How 2 Rural Hospitals use charities to help Patients without-of-pocket costs


Outside financial aid might not be the best long-term solution to the national problem of high healthcare costs and inadequate insurance coverage, but two rural hospitals are taking innovative approaches to tapping philanthropic resources to reduce their bad debt and help patients with medical bills.

The American Hospital Association’s latest Annual Survey of Hospitals showed that hospitals provided $41.6 billion in uncompensated care in 2019. Thanks to the COVID-19 pandemic, the latest numbers are even higher, with a Kauffman Hall report showing that 47% of revenue cycles saw increases in bad debt and uncompensated care in 2020.

Here’s how Wayne Memorial and Ballad Health are using financial aid to help alleviate medical bills for their rural populations and reduce bad debt.


Wayne Memorial Hospital, a small, rural community hospital in Jesup, Georgia, that partners with other regional providers to offer oncology infusion services, is using an AI-powered tool from Atlas Health to help it scour a database of more than 10,000 financial aid programs and match and enroll patients in  those for which they qualify. Wayne Memorial uses Atlas for all patients who need high-cost infusions, injections, and oral medications.

Before putting this technology in place, Wayne Memorial could dedicate only one employee to manually search for programs to help patients with their out-of-pocket expenses, says its CFO Greg Jones.

“We were able to assist maybe 10-20% of our patients through a select few programs, while the remainder of the patients’ out-of-pocket responsibility was written off to the hospital’s charity or bad debt,” he told HealthLeaders by email.

That was frustrating, not only because Wayne Memorial serves patients who Jones says feel like “family” in its small community, but also for the financial health of the hospital.

“Rural hospitals can go down quickly if they aren’t attentive to these trends,” he says. “Everything counts.”

The technology uses pre-populated application forms with mapped EMR data, and once it matches patients to programs, it automates document collection and consent and application submission. It also includes tracking tools, a reimbursement workflow, and reporting module.

Within the first 90 days of implementation, Wayne Memorial exceeded its philanthropic goal by 185%, Jones says. In the next 90 days it exceeded its goal by 134%, thanks to maintaining patient involvement in the programs and enrolling new patients.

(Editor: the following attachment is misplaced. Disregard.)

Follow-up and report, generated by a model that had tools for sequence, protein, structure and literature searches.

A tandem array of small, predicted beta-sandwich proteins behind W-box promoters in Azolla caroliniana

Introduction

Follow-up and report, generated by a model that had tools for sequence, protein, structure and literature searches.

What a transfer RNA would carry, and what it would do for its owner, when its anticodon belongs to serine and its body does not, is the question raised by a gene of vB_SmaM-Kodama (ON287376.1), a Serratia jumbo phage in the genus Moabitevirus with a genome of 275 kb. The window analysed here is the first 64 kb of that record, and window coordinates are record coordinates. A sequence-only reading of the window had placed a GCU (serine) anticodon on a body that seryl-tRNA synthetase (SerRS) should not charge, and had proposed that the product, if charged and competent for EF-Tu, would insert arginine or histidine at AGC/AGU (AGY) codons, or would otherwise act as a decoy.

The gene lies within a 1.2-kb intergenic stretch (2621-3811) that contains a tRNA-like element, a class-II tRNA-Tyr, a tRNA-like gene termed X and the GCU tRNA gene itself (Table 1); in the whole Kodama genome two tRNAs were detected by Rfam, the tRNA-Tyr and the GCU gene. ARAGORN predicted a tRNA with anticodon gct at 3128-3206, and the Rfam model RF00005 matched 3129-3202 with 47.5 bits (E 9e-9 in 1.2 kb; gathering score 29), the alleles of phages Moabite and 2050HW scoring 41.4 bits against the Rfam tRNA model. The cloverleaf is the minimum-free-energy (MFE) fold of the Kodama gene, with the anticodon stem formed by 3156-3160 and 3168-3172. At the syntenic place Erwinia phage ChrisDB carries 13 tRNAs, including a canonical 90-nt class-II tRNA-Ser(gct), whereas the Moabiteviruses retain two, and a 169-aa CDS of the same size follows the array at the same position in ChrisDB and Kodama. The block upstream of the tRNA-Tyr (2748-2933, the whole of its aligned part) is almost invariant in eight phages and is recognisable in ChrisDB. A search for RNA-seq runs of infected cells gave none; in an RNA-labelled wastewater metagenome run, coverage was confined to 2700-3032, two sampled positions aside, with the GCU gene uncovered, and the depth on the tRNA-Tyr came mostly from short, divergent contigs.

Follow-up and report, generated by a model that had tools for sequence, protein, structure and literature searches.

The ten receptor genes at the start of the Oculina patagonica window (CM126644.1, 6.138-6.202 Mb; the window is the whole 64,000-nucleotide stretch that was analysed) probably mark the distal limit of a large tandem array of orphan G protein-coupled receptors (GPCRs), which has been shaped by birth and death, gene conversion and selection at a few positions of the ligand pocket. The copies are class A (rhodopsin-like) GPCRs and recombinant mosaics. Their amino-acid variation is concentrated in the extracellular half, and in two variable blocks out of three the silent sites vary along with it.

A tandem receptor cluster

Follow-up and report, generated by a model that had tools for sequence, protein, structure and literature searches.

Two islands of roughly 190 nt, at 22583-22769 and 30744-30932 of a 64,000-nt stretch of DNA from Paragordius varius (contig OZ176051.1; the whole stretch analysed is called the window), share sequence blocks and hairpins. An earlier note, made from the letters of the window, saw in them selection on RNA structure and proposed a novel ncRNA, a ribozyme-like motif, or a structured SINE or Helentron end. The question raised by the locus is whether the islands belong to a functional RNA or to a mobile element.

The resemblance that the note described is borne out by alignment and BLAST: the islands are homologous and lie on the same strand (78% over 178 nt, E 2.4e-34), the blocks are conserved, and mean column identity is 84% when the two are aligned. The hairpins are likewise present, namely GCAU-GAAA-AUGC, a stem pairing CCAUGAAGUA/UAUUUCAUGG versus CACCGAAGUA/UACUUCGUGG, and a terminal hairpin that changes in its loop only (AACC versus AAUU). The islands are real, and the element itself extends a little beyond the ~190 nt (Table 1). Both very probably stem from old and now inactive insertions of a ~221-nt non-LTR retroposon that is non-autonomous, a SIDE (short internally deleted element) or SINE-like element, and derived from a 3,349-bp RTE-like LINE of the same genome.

“We anticipate that we will exceed our goal for the year by at least 110% as our hospital is on track to capture over one million dollars in philanthropic aid for our patients,” Jones says. “This is for balances that would have otherwise been written off to charity or bad debt.”

For its infusion center patients, it was especially meaningful. Every patient infused at the center was screened for a program, compared to just 10-20% patients previously. And Atlas data also showed that roughly 30% of the infusion center’s patients could be eligible for the state-funded program, Georgia Cancer State Aid, Jones said.


Over the past several years, Ballad Health in rural Appalachia has updated its charity care policy and reduced its care costs. For instance, it’s raised its eligibility for full charity from 200% to 225% of the federal poverty limit, reduced charges for urgent care services by 17%, and increased self-pay discounts to 85% off charges.

It’s also entered into unique merger agreements with the state of Tennessee and the commonwealth of Virginia to transform it from a traditional health system into a community health improvement organization.

Although these changes will help patients with their new and future out-of-pocket costs, it didn’t solve the problem of patients’ existing medical debt.

That’s why Ballad Health partnered with the national nonprofit RIP Medical Debt to eliminate $277,974,370.31 of non-governmental payer medical debt for approximately 82,000 people previously served by Ballad Health.

It’s the first time that RIP purchased the debt directly from a hospital.

RIP uses donated funds to purchase medical debts belonging to financially burdened people. Previously, it has provided debt relief by acquiring accounts from the secondary debt market, such as debt buyers and collection agencies.

But in July 2020 the Department of Health and Human Services Office of the Inspector General issued Advisory Opinion #20-04, allowing hospitals and physician groups to sell or donate debts directly to RIP for the purpose of abolishing a patient’s liability under certain conditions.

Now, RIP and Ballad Health say their new agreement could serve as a test case for many other health systems nationwide.

“Nearly everyone who will receive their debt abolishment through this collaboration with RIP Medical Debt qualifies for our updated charity care policy, but for various reasons they either did not qualify at the time or did not take advantage of it in prior years,” Anthony Keck, Ballad Health’s chief population health officer, said in a statement. “By removing this burden of old debt, we hope to better engage with our patients, so they access care and other services when they need them without the fear of unmanageable expenses.”

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